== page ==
If you have an idea and may be stuck on how to move forward, here is some advice for turning that idea into a purposeful mission.
Do not express regret about speaking up and taking a stand. One thing I always try to remember is to never start a conversation with “I’m sorry but..” Instead, stand firm and don’t apologize for sharing your perspective.
Follow your passion
There are many ways to impact DEI. When deciding how you will impact DEI, the key is to follow your passion. That passion will be what sustains you over a long period of time and help you maintain consistency. You could write a blog, starting a podcast, getting involved in company ERG programs, being a strong ally, assisting with company recruiting efforts, or anything else you can think of.
The important thing is that, whatever it is you do, you have a passion for it.
Stay focused on your mission
Again, there are many ways to impact DEI and it’s easy to try to get involved in too many things. But if you spread yourself too thin, you’ll burn out and you won’t be able to continue your work.
It’s much more impactful to stay focused on a couple of things and do them really well as opposed to spreading yourself too thin.
There is no one way to impact DEI. The most important thing you can do is get involved and stay involved. If you’ve got an idea, follow through. You might not be able to influence the number of non-white CMOs all by yourself, but any well-placed effort contributes to that change.
The more people involved in these initiatives, the better! No matter how small you might think your idea is.
A few key points to remember:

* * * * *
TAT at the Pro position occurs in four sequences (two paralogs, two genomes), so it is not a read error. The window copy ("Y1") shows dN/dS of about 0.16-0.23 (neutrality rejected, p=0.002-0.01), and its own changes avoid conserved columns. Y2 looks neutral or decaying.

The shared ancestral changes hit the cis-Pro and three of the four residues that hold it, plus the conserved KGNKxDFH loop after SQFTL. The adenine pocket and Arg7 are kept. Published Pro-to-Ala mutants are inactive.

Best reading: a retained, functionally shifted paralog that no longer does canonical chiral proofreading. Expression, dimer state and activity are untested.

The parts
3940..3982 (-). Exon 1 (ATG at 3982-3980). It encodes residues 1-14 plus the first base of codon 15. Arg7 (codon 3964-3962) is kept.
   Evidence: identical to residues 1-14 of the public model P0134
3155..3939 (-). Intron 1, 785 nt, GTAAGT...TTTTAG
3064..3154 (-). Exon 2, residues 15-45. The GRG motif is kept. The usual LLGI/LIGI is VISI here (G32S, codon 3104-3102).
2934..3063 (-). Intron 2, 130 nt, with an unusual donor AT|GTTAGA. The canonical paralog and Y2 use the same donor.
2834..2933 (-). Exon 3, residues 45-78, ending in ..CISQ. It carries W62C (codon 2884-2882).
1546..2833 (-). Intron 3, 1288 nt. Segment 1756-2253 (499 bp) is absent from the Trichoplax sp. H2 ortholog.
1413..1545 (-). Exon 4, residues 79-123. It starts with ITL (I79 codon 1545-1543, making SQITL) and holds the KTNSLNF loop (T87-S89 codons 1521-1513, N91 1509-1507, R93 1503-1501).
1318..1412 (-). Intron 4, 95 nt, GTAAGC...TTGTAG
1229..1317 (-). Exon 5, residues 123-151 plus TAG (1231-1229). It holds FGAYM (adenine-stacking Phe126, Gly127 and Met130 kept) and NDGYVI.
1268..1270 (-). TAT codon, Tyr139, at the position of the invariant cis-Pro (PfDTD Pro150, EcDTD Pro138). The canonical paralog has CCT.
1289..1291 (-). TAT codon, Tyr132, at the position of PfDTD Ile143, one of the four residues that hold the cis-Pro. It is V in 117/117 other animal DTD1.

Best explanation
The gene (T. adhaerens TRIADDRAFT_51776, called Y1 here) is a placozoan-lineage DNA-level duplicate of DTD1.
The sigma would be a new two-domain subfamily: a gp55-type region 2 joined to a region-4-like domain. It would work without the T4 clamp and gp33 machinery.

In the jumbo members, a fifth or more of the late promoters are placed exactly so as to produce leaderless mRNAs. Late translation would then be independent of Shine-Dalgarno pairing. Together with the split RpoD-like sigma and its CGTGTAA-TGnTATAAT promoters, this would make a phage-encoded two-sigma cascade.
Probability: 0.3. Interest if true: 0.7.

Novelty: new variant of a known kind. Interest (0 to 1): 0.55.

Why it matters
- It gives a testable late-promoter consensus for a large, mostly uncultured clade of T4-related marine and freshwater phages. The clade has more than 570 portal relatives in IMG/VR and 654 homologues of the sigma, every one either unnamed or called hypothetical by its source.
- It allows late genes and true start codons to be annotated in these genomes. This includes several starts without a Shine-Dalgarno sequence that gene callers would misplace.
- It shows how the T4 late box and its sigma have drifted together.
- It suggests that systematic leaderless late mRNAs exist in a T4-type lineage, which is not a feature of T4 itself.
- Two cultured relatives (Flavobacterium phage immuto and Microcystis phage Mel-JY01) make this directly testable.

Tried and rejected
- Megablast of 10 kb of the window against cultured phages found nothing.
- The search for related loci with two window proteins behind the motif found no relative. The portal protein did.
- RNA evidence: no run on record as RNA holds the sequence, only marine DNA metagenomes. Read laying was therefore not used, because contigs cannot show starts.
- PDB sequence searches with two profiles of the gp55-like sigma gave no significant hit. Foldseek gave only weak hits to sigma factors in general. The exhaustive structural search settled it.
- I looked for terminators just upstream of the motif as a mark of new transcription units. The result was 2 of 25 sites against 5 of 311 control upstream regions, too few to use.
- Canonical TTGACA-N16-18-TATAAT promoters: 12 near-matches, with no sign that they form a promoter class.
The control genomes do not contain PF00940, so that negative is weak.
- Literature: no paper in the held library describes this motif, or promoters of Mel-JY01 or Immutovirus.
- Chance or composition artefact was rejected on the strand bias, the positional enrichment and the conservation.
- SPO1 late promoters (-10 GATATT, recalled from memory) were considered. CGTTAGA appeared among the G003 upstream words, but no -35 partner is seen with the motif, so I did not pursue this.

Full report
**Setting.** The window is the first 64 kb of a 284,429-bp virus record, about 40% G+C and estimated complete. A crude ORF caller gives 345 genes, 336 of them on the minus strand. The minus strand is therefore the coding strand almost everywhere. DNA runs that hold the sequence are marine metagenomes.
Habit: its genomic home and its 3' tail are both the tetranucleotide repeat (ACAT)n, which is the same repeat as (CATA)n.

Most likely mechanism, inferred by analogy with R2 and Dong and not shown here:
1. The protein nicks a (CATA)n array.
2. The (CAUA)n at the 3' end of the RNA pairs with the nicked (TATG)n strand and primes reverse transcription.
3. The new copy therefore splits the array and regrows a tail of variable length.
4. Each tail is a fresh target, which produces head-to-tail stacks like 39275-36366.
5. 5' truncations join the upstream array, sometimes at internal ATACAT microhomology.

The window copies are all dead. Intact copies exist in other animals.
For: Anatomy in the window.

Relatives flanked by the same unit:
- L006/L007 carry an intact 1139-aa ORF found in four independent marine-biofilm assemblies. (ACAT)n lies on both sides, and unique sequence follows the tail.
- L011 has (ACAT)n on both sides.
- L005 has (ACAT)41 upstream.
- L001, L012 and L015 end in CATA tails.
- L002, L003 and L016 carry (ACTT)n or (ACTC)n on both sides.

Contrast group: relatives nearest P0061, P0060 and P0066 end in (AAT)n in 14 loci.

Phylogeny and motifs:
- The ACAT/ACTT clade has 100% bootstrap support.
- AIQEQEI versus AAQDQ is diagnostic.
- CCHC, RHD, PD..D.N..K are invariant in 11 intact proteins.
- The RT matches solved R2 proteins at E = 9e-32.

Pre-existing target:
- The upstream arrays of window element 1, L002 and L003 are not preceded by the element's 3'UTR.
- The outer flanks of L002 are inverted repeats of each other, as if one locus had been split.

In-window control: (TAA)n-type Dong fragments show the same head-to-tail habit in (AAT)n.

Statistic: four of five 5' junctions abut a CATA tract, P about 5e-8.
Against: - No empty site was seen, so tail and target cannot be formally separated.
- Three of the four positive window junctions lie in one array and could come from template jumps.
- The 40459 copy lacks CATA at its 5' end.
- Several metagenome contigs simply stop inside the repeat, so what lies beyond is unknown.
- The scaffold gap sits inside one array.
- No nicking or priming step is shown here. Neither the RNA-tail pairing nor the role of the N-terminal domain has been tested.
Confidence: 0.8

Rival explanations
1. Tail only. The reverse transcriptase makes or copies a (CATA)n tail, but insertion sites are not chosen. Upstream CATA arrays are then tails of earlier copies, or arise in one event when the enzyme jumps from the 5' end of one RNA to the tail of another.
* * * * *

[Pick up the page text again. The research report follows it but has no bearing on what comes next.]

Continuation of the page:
Only 12% of CMO’s are non-white, a number that’s unchanged from 2019.
There’s still a widely held feeling of exhaustion that comes from going to industry events and seeing only a few of “us” in the room—and even less on stage.
Share your story. Stories live on as a catalogue for the next generation of leaders to reference.
Be unapologetic as you speak out. Your work is needed and necessary.
Following your passion will help you stay motivated for the long run. There’s still a lot of work to be done and nothing will change overnight. Finding an idea you’re passionate about will help sustain you when a moment of emotion or the news cycle has moved on.
Keep your focus on one or two things instead of on every thing. There are a lot of great ideas out there, but you have limited time, resources, and energy. Choosing one or two projects you love will keep you from burning out.
Remember, all great change starts with an idea.
Kerel is the Senior Vice President of Global Marketing at LiveIntent. He currently leads the marketing team and works closely with sales, product, engineering and customer success to create awareness and generate leads for key products and features. Kerel has 20 years of digital media experience building and leading Advertising Operations, Account Management, Partnerships & Product Marketing teams.
Prior to LiveIntent, Kerel Cooper held positions at Advance Digital as the Senior Director Ad Platform Strategies and JupiterMedia as Director of Advertising Operations. Kerel is also the co-founder and co-host of Minority Report Podcast which highlights people of color, women & LGBTQ community within media, business and technology. Kerel has a Bachelor’s degree in Management Science/Marketing from Kean University, an MBA from Regis University, and Diversity and Inclusion Certification from Cornell University.
Visit this page to see more in the series, or check back in a week for our next guest post.
Marigold is a family of global marketing technology brands including Campaign Monitor, CM Commerce, Delivra, Emma, Liveclicker, Sailthru and Vuture. By joining together these leading brands, Marigold offers a variety of world-class solutions that can be used by marketers at any level. Headquartered in Nashville, TN, Marigold has United States offices in Indianapolis, Los Angeles, New York City, Pittsburgh and San Francisco, and global offices in Australia, London, New Zealand and Uruguay.